This review is perhaps a prime example of exactly why I hate that the best movies of the year always tend to be released in a condensed period of a few months between November and February. This is a tough movie to review honestly while it’s still playing in cinemas; in the week, indeed, following its nomination for Best Picture and the hubbub it’s caused over it apparently taking the place of The Dark Knight or Wall•E. I’m sorry, but this is just how I need to attack this review … at the time of writing there’s just no way of writing about except in this context.
I wasn’t one of those who felt The Dark Knight deserved Oscar glory. The nearest comparison to a comic book movie getting to that stage is of course the Lord of the Rings success, and even that I felt the Academy got wrong; it should have all gone to The Two Towers. The Dark Knight is for me at the level only of Return of the King; it’s that kind of movie that, while technically perfect, even overwhelming in places, lacks a certain something … to borrow the François Truffaut quote that heads my top 250 list, it just doesn’t “vibrate” enough. I’m saying all this because I still, in spite of its deficiencies, in all honesty, would have been happier – now that I’ve seen both movies – if The Dark Knight had been nominated over this. As to Wall•E … well that certainly deserved it more in my opinion (for the record, this is not all directed at this movie – both Wall•E and The Dark Knight deserved nominations over Frost/Nixon – just watch the interview! – and this, along with a lot of other movies).
I had almost forgotten until the Philip Glass-like piano theme began over the opening credits and series of artistic shots of a breakfast being prepared (reminding me of “I’m going to make a cake …”) here that Stephen Daldry of course directed The Hours, one of those films that just happens to be on my top 250 list. I’m pushed to remember exactly what I thought of that movie the first time I saw it, and looking at the 2004 review that exists here, it’s clear that my opinion has shifted over time. I don’t see myself rushing to give this one a second chance, however.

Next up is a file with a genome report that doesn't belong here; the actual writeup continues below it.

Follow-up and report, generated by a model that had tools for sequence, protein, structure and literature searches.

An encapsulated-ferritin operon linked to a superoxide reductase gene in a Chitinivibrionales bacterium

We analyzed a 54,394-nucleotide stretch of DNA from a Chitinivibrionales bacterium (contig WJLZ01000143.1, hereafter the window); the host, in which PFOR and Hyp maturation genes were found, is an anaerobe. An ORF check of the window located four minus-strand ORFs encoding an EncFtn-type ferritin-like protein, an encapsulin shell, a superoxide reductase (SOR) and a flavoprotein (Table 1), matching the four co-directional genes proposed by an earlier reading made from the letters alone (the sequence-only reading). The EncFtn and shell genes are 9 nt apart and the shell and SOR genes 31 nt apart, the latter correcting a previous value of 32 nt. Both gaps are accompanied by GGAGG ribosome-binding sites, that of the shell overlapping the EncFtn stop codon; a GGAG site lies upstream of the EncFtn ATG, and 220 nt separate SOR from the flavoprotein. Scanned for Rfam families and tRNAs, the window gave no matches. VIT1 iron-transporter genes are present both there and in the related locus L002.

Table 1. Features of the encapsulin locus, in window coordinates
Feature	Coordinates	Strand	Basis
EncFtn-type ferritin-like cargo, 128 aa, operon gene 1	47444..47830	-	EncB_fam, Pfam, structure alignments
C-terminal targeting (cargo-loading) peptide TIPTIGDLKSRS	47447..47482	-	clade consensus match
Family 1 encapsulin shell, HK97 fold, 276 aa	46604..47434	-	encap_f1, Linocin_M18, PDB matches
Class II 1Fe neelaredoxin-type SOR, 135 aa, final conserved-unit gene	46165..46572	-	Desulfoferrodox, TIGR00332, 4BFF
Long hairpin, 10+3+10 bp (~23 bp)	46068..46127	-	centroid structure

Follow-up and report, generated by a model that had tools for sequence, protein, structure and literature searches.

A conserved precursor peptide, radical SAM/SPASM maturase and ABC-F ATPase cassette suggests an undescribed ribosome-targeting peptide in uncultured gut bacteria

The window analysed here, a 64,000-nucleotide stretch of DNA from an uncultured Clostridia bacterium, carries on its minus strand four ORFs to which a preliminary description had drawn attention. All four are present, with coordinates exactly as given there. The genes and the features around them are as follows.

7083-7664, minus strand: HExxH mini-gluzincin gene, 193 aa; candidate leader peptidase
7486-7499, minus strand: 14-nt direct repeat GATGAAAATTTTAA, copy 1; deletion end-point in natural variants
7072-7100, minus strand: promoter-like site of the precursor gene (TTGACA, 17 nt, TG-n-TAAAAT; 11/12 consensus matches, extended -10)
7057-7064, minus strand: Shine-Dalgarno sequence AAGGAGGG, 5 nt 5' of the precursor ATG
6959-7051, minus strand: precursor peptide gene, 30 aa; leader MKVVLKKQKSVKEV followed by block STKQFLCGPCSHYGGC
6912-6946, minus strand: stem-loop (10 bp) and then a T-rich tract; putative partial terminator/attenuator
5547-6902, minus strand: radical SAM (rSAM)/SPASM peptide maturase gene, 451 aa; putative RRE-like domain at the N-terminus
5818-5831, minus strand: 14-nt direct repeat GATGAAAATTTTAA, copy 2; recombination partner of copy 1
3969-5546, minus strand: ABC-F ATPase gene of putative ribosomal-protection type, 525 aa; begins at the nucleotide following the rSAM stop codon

The biggest problem here is that the relatively tiny issue it addresses is blown out of all proportion and mind-numbingly overcomplicated. There’s a scene midway, one of several cutbacks to a college lecture room where law students are discussing the case of Kate Winslet’s character, a woman who had an affair with one of the students and is now on trial for war crimes; one of the students, seeing that he has been staring at Winslet throughout the hearings, asks him, exasperated, “what is there to understand?” and for me, that pretty much nailed what I was feeling in that moment too. I found this line from the author of the novel which attempts to answer this question, or indeed the question of many viewers, “what, exactly, are you trying to say by this sympathetic portrayal of a war criminal?”
“The Reader is not a story about redemption or forgiveness. It is about how my generation of Germans came to terms with what the generation before us had done.”
I guess this is where I hit a wall with the very core of the story. I don’t view things this way. I don’t understand why anybody would need to “come to terms” with what another human being did, as though they were somehow responsible. I feel the same about parents who feel embarrassed or to blame for any bad their children do. For me it’s simple as saying: but that’s not me. It calls to mind the issue of racism and feminism and how many of the more extreme activists in those fields seem to be convinced some kind of retribution is in order, that one generation should be somehow punished for the previous one’s errors in order that the balance might be redressed. I don’t get it, I guess. Why can’t you just stop?
The high praise for Kate Winslet here baffles me almost more than it did in Revolutionary Road. It’s true there are flashes in her performance that are impressive, just as there are flashes in the film itself that cannot but move; but they’re pretty fleeting and lost in the fact that someone like Kate Winslet in a role like this is just too much of a distraction from the start. In fact, I didn’t particularly like any of the players except Ralph Fiennes and perhaps Bruno Ganz who plays the boy’s law tutor.
It’s a prestige picture, for sure. Technically, it can’t be faulted. But really, the most depressing and horrifying thing about this holocaust movie in the end is that Ricky Gervais was right in the Kate Winslet episode of “Extras”. I don’t think you can dance around this … I know I’m doing this a lot lately but I found a great quote on Wikipedia of another reviewer that again says all this better than I could. Manohla Dargis of the New York Times writes:
“You could argue that the film isn’t really about the Holocaust, but about the generation that grew up in its shadow, which is what the book insists. But the film is neither about the Holocaust nor about those Germans who grappled with its legacy: it’s about making the audience feel good about a historical catastrophe that grows fainter with each new tasteful interpolation.”